It’s the Missing Link, Charlie Brown - Uncharted

It’s the Missing Link, Charlie Brown

By Olivia Payne

I found a rock that was good to hold. A trip to Beachy Head, one of my days with Charlie. He liked the rock too, kept bringing it back, preferring it to his tennis ball, picking it out of the other uncountable, small, smooth stones. He kept it in his mouth after I told him to drop, drop, and he kept it there for the two-hour drive home. When I was packing his things to give over to Linda for her weekend, I found it hidden in his bed. There’s a book in the library, I never got it out, but there’s a book in the library – not exactly a self-help book, but it had some general tips that anyone could use – that suggested hiding money in your winter or spring coat at the end of the season, that way you rediscover it in a few months. It’s a little treat, to make you smile. You’re looking out for yourself. I don’t have two different coats, so I kept the rock in the pocket of my good-jeans. And I only wear my good-jeans to see Linda, so she knows I’m doing okay. Maybe not her-and-Mark-okay, but okay. It was a nice thing to still have for myself when I handed over Charlie. I would feel that weight, and I wouldn’t see her, or the service-station car park or Mark – sometimes she just sent Mark as if it was his dog – or sometimes her kids couldn’t help themselves, and they would come out of the car, Doggy! Doggy!, like it was their dog. That would go away, and I could see Charlie on the beach. No clouds, no crowds, but still people in the distance, a general hum of others also enjoying themselves, and us being a part of that. As he chased down the beach, after the rock, his fur would melt into the sand, and I could only make him out by his tail, darker brown ending in a white tip, like he carried a candle on his back, a light to know him by. He was really going that day, running non-stop, jumping, swimming, and throwing himself against the waves. If I walked five miles, he would have done twenty with his zagging and looping.

‘What a good boy he is!’

‘Cute dog.’

‘Hello, you!’

‘He’s so calm!’

People stop and speak to me when I have him. Or, they speak around me. They ask his name and some of them get it, and they laugh. Sometimes children misunderstand and call me Mr. Brown; they even introduce their dogs to me with their names, like Bailey Dodds or Patches Robertson, and their parents laugh because dogs aren’t family. I don’t tell them, I’m not that sort of man, I don’t need to tell strangers my life story, so I let them stroke Charlie, but I don’t say that Linda and I named our dog Charlie Brown making a vow to name our firstborn child Snoopy. We would joke about it, I even think we were serious. We would say it could be a middle name, so they wouldn’t get bullied, so it could be a loving family joke. When our parents asked if we had any names in mind, the first time, before they stopped asking and we stopped informing, we would sometimes say, Luke S. Cooper, or Nicola S. Cooper, and then laugh if they asked about the mystery initial. And when he saw us laughing, Charlie, just a puppy then, would thump his candle-tail on the ground, laughing along with us. He’s a smart dog. Beagles are a smart breed. So, of course, he knew the rock was special before I did.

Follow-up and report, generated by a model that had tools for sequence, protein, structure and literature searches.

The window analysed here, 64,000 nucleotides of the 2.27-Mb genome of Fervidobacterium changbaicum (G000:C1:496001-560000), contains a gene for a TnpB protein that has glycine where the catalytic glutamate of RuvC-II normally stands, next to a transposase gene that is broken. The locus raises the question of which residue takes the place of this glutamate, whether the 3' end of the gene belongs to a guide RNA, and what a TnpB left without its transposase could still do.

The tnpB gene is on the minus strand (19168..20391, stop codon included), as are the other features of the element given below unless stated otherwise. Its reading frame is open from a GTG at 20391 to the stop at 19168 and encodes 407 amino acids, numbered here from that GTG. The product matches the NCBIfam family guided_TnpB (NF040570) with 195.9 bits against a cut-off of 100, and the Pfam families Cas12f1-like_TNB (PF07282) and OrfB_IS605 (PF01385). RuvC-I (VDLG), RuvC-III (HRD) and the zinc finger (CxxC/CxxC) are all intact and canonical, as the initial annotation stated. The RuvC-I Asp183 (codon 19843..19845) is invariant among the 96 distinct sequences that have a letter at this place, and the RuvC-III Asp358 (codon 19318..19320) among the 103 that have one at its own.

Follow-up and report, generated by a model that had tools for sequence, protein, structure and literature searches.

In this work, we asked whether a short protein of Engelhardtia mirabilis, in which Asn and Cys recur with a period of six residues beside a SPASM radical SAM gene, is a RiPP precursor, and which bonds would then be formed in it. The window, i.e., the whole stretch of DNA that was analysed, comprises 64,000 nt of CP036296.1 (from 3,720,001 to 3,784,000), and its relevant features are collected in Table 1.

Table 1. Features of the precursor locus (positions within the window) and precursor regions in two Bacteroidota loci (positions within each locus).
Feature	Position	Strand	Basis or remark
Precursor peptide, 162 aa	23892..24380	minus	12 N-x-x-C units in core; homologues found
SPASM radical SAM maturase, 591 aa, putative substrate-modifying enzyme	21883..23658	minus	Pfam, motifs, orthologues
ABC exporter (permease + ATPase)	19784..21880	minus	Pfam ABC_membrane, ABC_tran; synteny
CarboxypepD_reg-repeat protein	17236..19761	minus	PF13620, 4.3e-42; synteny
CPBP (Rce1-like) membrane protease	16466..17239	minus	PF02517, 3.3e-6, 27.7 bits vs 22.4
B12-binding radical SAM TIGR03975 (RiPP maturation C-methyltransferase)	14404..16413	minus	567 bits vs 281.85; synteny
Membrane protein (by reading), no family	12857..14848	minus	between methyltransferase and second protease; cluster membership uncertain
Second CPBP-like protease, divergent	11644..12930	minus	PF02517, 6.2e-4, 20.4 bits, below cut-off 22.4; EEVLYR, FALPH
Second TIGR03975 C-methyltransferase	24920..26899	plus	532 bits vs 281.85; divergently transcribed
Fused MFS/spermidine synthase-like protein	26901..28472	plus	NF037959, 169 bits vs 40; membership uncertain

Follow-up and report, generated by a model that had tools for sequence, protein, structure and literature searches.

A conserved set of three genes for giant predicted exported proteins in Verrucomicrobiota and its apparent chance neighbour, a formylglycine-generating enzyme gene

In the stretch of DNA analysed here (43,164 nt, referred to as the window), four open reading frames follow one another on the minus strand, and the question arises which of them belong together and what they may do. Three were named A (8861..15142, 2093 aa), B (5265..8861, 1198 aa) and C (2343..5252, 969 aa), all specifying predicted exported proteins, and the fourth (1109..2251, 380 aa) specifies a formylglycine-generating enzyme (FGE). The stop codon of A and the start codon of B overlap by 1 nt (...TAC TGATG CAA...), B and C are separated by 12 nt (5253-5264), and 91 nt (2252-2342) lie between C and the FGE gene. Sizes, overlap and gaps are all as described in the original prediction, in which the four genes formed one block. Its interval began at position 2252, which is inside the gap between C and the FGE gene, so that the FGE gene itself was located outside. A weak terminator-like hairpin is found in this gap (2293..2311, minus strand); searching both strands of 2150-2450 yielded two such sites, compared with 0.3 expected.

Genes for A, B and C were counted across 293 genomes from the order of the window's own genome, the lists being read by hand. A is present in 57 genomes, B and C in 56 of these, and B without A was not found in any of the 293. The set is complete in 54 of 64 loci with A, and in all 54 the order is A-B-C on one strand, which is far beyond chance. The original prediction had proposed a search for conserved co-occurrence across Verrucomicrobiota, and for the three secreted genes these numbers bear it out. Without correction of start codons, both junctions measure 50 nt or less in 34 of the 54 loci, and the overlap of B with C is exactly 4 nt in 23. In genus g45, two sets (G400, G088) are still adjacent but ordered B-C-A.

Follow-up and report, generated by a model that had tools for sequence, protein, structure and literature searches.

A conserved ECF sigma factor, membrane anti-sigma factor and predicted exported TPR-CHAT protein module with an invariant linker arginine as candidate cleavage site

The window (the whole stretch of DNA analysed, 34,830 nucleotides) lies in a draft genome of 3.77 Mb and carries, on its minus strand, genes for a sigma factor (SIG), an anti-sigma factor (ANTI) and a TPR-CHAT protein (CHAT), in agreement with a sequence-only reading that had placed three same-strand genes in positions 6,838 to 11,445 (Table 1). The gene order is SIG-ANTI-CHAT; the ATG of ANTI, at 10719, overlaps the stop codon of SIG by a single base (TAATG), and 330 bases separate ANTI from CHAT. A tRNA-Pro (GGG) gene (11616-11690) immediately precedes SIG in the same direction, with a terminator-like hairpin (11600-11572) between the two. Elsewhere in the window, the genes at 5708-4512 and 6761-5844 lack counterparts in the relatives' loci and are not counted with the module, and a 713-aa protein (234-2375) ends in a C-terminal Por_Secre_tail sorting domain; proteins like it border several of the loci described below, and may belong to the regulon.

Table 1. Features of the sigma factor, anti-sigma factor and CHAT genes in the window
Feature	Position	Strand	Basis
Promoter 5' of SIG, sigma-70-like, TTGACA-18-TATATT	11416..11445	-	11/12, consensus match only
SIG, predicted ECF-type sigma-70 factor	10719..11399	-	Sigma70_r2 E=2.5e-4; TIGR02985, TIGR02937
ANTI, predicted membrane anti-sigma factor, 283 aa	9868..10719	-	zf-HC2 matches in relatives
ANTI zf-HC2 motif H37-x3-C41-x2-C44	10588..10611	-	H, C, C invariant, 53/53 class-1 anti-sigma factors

Charlie himself was with Linda when I found out. He was busy pretending to be their family dog on their summer holidays. She’d sprung it on me at the handover.

‘Is it alright, Neil? The kids would love it if he could come.’

‘Yeah, I just worry that he’s a little old for such a long trip.’

‘He’s fine. He’s a trooper, aren’t you, boy? Aren’t you?’

‘Yes, you are, good boy Charlie.’ We petted him together for a while. If life was a romcom, our hands might have met in his fur, and we would have looked at each other. But she has Mark, and together they have children, and we have a leftover dog, and after him, we’ll have nothing. And I’d already given her nothing the first time around.

‘Please, Neil?’

‘Yeah, of course. I don’t want to spoil your holiday. I was just worried, that’s all. But if you think he can make it…’

‘Thanks, they’ll be so excited. Plus, this means you could get away yourself. Why don’t you get out for a little bit? Somewhere sunny. I would kill just to get away somewhere by myself, to relax.’

She smiled, trying to ignore the rising sound of her children’s restlessness in the back of the car. So he left with them, and I waved them off with one hand, the other gripping onto the rock.


‘Is it drugs?’

‘Not any drug I know.’

‘Maybe it’s new.’

‘Right, all those new drugs they’re releasing.’